Just Because

This unplanned shot didn’t seem special when I took it. Just another bunch of dandelions gone to seed in the lane.

Back at the computer, however, it popped off the screen. I fell in love with the crisp outlines, the bright colours, the dark background.

Even the ordinary can surprise us.

Common dandelion   Taraxacum officinale

Fly By

The wild roses put on a colourful show this spring — their pink blossoms dot roadsides, fence lines and wooded areas.

I got quite used to finding a small longhorn beetle in almost every flower. But when I noticed a not-quite open blossom that looked black inside I came up short.


It was filled with flies!

Were they feeding? Mating? Staying warm?

Moments later they were gone and I was left to ponder the mystery.

Prickly rose   Rosa acicularis

One for the Books

It was a bizarre sight. If I was a tabloid writer I might have titled this piece “Mosquito Eats Caterpillar”.

Caterpillars appeared on the honeysuckle about the same time as the flower buds.

My early attempts to photograph the critters caught only the back end — the head was buried in the cluster of buds. In fact, to the casual observer they look surprisingly like the buds they dine on.

Caterpillar on twining honeysuckle

When I finally found a caterpillar stretched along a thin branch I took several shots. About the third shot, “holy cow” blew past my lips.

Was that a mosquito?

Indeed it was. It had landed on the caterpillar and as I watched, it sank its sharp little proboscis down into the unsuspecting bud-eater.

The yin and yang of spring.

P.S. How rare is this? If you’re so inclined, you can dip into the research.





This wild twining honeysuckle is betwixt and between.

It can’t make up its mind if it wants to twine around the pine tree or just loaf along the ground. Its stems are weak and the sections between the nodes are hollow. Which may explain its lack of enthusiasm for heights.

That said, it obviously hasn’t read the book that says it can climb 5 metres or more (about 15 feet) on trunks of deciduous trees. Maybe it’s allergic to pine.

Nature can be a puzzlement.

Twining honeysuckle   Lonicera dioica var. glaucescens

Drift Line

The magical space between high and low tides is one of my favourite places.

Twice a day the push-and-pull of the sea brings discoveries. Glass floats. Fishing line. Driftwood. Shells. Seaweed. Broken bottles. Litter.

On one recent trip I found a nearly complete shell of a red rock crab. In life it is mostly red, except for the black tip on each claw. But the open, empty shell is worthy of a painter’s palette — red, orange, yellow, mauve, brown, white.

Who would have guessed?

The Silk Makers

I wrote recently about The Silk Road. This is the rest of the story.

How many mouths does it take to eat a tree?  Not the wood. Just the leaves. All of them.

That’s what has happened in our corner of the world. Most of the aspen poplar have been completely defoliated by armies of small black caterpillars.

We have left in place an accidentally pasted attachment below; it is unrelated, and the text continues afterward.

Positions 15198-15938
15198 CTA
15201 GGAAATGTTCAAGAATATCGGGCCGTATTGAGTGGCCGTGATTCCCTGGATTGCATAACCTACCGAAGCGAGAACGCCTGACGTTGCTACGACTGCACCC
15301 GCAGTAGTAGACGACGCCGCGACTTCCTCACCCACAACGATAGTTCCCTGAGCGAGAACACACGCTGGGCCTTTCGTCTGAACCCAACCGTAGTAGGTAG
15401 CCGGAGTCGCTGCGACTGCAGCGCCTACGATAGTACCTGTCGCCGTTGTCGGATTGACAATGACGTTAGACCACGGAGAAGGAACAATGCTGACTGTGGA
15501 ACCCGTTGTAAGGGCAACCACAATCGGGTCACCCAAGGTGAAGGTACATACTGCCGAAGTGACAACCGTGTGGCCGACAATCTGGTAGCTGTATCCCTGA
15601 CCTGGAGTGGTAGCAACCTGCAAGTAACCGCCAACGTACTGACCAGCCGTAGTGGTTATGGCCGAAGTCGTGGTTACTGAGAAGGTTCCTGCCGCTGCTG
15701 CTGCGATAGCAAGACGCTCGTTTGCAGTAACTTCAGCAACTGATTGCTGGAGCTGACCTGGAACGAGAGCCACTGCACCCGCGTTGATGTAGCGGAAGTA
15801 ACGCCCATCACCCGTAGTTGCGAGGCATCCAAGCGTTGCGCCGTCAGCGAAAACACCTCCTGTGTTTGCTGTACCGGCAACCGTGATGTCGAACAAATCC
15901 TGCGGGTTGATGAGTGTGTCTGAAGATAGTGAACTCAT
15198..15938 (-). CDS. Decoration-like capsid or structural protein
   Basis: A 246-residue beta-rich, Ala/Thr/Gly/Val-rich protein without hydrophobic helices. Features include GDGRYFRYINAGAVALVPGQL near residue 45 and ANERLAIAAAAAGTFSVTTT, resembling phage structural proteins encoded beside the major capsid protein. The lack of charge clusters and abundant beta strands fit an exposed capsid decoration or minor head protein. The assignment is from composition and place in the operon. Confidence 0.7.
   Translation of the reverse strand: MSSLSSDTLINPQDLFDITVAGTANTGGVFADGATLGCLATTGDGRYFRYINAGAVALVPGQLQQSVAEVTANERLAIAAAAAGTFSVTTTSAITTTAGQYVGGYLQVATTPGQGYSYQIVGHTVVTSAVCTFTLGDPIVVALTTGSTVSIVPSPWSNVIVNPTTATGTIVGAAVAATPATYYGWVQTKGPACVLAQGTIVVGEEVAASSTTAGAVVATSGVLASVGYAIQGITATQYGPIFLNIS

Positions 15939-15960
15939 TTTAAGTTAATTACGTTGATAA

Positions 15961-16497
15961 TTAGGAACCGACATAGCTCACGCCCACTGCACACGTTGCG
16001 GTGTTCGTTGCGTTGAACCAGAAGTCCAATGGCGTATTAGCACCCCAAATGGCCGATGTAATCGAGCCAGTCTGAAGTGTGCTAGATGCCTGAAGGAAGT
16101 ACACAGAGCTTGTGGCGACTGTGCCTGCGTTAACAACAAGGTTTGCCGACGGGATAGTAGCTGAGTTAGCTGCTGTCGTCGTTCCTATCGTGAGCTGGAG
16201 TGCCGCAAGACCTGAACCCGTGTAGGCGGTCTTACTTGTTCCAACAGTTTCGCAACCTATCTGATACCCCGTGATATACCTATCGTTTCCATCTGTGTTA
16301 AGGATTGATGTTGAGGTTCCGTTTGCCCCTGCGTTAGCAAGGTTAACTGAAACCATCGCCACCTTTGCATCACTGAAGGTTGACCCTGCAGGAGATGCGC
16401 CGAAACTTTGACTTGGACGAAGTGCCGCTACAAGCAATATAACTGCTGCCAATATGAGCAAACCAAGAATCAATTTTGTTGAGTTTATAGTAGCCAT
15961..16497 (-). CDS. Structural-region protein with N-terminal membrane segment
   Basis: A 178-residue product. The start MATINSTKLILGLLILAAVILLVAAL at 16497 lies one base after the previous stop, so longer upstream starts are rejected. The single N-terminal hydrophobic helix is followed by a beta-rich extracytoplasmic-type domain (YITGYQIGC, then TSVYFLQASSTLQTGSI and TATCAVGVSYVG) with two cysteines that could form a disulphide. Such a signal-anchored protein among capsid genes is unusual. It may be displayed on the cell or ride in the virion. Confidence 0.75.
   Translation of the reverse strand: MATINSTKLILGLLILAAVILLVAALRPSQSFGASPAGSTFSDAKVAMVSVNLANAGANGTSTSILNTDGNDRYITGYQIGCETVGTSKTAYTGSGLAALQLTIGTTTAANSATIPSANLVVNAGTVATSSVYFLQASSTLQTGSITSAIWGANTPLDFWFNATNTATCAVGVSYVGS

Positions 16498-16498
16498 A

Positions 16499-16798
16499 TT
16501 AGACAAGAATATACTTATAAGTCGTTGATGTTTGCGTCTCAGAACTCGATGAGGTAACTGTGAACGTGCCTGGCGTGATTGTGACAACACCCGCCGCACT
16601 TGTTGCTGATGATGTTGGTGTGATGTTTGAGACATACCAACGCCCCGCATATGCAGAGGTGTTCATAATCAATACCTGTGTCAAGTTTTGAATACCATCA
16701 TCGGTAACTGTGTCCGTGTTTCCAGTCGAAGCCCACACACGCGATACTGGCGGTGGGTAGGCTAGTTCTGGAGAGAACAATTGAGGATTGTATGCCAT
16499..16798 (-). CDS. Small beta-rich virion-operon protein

The caterpillars, or larvae, are the second stage in the life cycle of the Large Aspen Tortrix.  The name Tortrix comes from a Latin word meaning to twist. When you see the leaves they’ve been feeding on, you can see why that name was chosen.

These photos and captions tell more of this tale …

Some pupae have already split open, releasing the adult moths. I imagine we’re in for quite a show when the big hatch happens.

We’ve had defoliations in the past, but I don’t recall anything like this — it stretches for kilometres in all directions.

Although this feeding frenzy sounds disastrous for the aspens, it’s not as gloomy as one might expect. The trees are already sprouting new leaves and before long will look more like they should at this time of year.

Conditions this year are different. Winter was mild. Spring came early. It turned hot. Rainfall has been little and sporadic. Are we seeing the effect of climate change? Or merely a brief climatic blip?

It’s an ongoing evolutionary dance as we each strive to adapt to our world.

Large aspen tortrix   Choristoneura conflictana
White spruce   Picea glauca
Trembling aspen   Populus tremuloides


Blimey, Look at All the Barnacles

They live in the intertidal zone, that narrow strand between high and low tides.

If you’ve ever rubbed up against them you won’t have forgotten. They’ll peel the skin right off you. A swimmer’s nightmare. A painful jolt to a hiker who stumbles into them.

Cousins to crabs and lobsters barnacles are curious creatures.

Free-living in the ocean at birth, little barnies attach themselves to rocks and logs and crab shells. Cement themselves to the surface and never move again.

They thrive underwater. Their legs, morphed into frilly appendages, sweep the water for food, drawing particles down into the opening of their self-made home.

Plates — kind of like folding doors — surround the opening. When the tide goes out they clamp shut to keep out predators and protect the barnacle from drying out.

Acorn barnacles are common on the shore I visited. Not sure why the word acorn was chosen. Someone must know.

Thatched barnacles — a type of acorn barnacle — have vertical ribs like skinny fingers on the walls of their homes. Sort of like thatching on a cottage.

Check out the photos. You’ll see the difference.